According to a bureaucrat in Tennessee, you might be if you ever complain about your municipal/community water.

Brian Haas of the Tennessean broke a very interesting story about a “town-hall” discussion where concerned citizens and civic action groups met with legislators and TDEC employees. During the Q&A session, Sherwin Smith, deputy director of TDEC’s Division of Water Resources was apparently recorded to say  “We take water quality very seriously. Very, very seriously… you need to make sure that when you make water quality complaints you have a basis, because federally, if there’s no water quality issues, that can be considered under Homeland Security an act of terrorism.”

In our new era of fear, where we see terrorists under every rock and behind every blade of glass, it is easy for laws and regulations to be abused in “righteous zeal”.

So, is it a terroristic threat to complain about your water quality, even if it meets MINIMUM standards? – No, not at all. What IS a terroristic threat is to cause chaos/panic etc… by deliberately making wild unfounded, false claims about a community water supply.

For example, if someone doesn’t like the taste of their community tap water, they are quite entitled to complain (publicly and vociferously) about the problem (even if it isn’t a “real” problem). However, if the same person were trying to weaken or undermine the “community order” by claiming community water is unsafe to drink, then they could quite possibly  be accused of “terroristic threats”.

The tough question here is HOW one determines the intent of a complaint. Was the real Erin Brockovich a terrorist for telling people not to drink the water in Hinckley, CA? If it were up to this Tennessee bureaucrat’s interpretation of Federal law, then she might possibly be…  To quote Shakespeare: “There’s the rub”. It is a very slippery slope to allow bureaucrats to terrorize their community into compliance (or just to shut up) by not allowing them to complain about the quality of service delivered that they PAY for via taxes, levies, or fees.

It is a very difficult task to provide high quality water to a community. There are constantly changing dynamics in influent water quality chemistry and contaminants, infrastructure wears out, and the customer base is constantly growing. Add to that, tax revenue is generally depressed, and people still continue to take the true value of clean/safe drinking water for granted in the United States.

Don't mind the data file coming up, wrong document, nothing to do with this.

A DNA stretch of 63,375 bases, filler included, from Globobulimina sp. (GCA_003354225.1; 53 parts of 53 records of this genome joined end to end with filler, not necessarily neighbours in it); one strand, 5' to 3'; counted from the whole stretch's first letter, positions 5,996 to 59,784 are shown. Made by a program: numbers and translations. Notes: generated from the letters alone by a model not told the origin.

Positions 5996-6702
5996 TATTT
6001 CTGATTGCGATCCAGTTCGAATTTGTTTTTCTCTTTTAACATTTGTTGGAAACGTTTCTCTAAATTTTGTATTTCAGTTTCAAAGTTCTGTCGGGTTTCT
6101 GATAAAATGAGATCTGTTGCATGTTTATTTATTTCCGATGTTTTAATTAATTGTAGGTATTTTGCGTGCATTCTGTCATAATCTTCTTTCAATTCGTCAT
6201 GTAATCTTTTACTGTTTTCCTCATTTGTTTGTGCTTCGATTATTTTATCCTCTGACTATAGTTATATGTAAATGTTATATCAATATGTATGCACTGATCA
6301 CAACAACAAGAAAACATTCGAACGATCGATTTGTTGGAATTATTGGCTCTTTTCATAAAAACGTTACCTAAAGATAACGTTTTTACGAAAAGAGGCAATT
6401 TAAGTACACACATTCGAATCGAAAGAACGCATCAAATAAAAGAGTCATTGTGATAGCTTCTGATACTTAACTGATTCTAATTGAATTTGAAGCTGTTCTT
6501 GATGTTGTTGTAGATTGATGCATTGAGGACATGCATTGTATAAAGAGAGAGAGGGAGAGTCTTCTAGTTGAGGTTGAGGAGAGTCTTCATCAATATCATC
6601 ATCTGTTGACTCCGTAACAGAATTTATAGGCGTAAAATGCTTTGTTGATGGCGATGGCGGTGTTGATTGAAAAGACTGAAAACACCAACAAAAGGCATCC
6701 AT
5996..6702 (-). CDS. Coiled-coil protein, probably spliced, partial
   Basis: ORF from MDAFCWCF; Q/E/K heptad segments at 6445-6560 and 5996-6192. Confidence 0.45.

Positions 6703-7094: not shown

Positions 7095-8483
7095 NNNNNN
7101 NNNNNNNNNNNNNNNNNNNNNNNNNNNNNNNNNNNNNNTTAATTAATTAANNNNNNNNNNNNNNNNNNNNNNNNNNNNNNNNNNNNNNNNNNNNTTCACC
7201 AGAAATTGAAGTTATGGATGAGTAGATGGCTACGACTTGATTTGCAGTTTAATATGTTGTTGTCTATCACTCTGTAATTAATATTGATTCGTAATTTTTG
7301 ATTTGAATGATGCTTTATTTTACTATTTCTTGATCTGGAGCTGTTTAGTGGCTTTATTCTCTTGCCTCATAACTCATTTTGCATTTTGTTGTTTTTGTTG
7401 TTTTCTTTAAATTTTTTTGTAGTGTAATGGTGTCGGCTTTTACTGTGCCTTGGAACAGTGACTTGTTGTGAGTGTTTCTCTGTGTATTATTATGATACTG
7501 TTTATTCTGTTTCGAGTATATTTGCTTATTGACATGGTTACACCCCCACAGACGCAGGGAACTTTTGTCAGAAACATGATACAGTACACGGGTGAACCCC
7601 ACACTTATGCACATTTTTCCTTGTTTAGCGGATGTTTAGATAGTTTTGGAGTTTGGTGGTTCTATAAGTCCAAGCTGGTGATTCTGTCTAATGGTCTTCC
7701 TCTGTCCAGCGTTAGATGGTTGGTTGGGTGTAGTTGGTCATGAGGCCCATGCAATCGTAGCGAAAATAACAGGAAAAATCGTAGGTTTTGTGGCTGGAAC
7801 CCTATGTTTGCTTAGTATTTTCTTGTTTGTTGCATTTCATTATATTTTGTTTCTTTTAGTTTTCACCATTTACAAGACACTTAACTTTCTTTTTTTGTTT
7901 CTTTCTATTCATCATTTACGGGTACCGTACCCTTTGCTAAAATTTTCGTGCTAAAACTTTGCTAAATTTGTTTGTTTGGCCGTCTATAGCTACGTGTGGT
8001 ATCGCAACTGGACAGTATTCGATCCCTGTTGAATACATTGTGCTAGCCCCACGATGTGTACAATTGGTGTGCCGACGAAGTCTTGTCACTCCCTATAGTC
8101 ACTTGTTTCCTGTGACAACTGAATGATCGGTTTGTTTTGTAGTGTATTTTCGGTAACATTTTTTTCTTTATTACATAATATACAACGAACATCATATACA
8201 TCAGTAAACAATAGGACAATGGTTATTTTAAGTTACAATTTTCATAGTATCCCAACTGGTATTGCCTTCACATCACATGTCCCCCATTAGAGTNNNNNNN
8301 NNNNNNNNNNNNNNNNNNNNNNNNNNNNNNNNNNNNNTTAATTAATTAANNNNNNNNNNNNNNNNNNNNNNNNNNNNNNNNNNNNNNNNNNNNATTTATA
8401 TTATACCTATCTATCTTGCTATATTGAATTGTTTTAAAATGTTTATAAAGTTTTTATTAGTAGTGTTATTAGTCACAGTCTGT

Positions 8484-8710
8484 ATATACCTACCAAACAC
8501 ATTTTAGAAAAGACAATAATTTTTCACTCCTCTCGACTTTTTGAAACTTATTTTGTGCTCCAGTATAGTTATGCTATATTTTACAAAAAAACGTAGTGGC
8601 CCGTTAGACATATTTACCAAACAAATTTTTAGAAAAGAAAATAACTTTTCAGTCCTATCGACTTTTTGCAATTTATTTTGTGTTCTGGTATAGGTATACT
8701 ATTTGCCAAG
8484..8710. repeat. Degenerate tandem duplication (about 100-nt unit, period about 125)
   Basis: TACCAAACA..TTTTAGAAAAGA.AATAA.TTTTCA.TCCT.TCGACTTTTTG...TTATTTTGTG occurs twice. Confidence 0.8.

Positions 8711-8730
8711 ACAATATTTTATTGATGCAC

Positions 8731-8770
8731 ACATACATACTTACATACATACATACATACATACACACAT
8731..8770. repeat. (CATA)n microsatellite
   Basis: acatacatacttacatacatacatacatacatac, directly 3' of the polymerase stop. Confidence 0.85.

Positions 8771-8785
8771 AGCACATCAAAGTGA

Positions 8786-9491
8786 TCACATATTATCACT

Making terrorists out of people who are genuinely concerned about their community water quality is foolish and wrong. Are the people who don’t want fluoride in their drinking water terrorists now, because they tell people that they think fluoridation is bad? – where will this end?

The biggest problem is that less than 3% of most community water produced is used inside homes, with an projected average of less than 1% being actually consumed by people and pets. Why on earth are we cleaning ALL of the water to “safe standards”? It is time to more seriously incorporate layers of treatment. Watering the lawn with drinking water is foolish!  Public utility managers have to clean ALL of their delivered water with limited budgets, when they really could produce primary and secondary supplies. Some innovative communities are already doing this and it works very well. Primary for people, and secondary for plants – nice and simple.

Separating delivered water into layers will free-up resources and allow for more intelligent water usage. When consumers want to clean their water above and beyond the delivered level of quality, they simply filter/condition, or purify with appropriate technologies. This is no different that the seemingly never-ending conflict between some people at the city level and those at the POE/POU treatment level over the quality of water currently delivered to homes, and businesses. Silly salespeople from the Water Quality side of the fence malign the public utility complaining about “dirty utility water” or highlighting how the city has “failed consumers” by not purifying or softening every single drop of water out of the plant, which of course offends them and then they respond with silly statements like “our water is fine”, “it’s clean enough”, “don’t believe the filter salesperson” etc… when should all just work together to provide our customers with the quality of water that they want and can afford. Every individual has the right to choosing their own quality of water, just as we are entitled to our own quality of  food/transportation/accommodation etc… Some of us are happy with the bare minimum and some of us want something better.

I truly hope that level heads prevail as we continue along in our “Post 9/11” world of manufactured fear.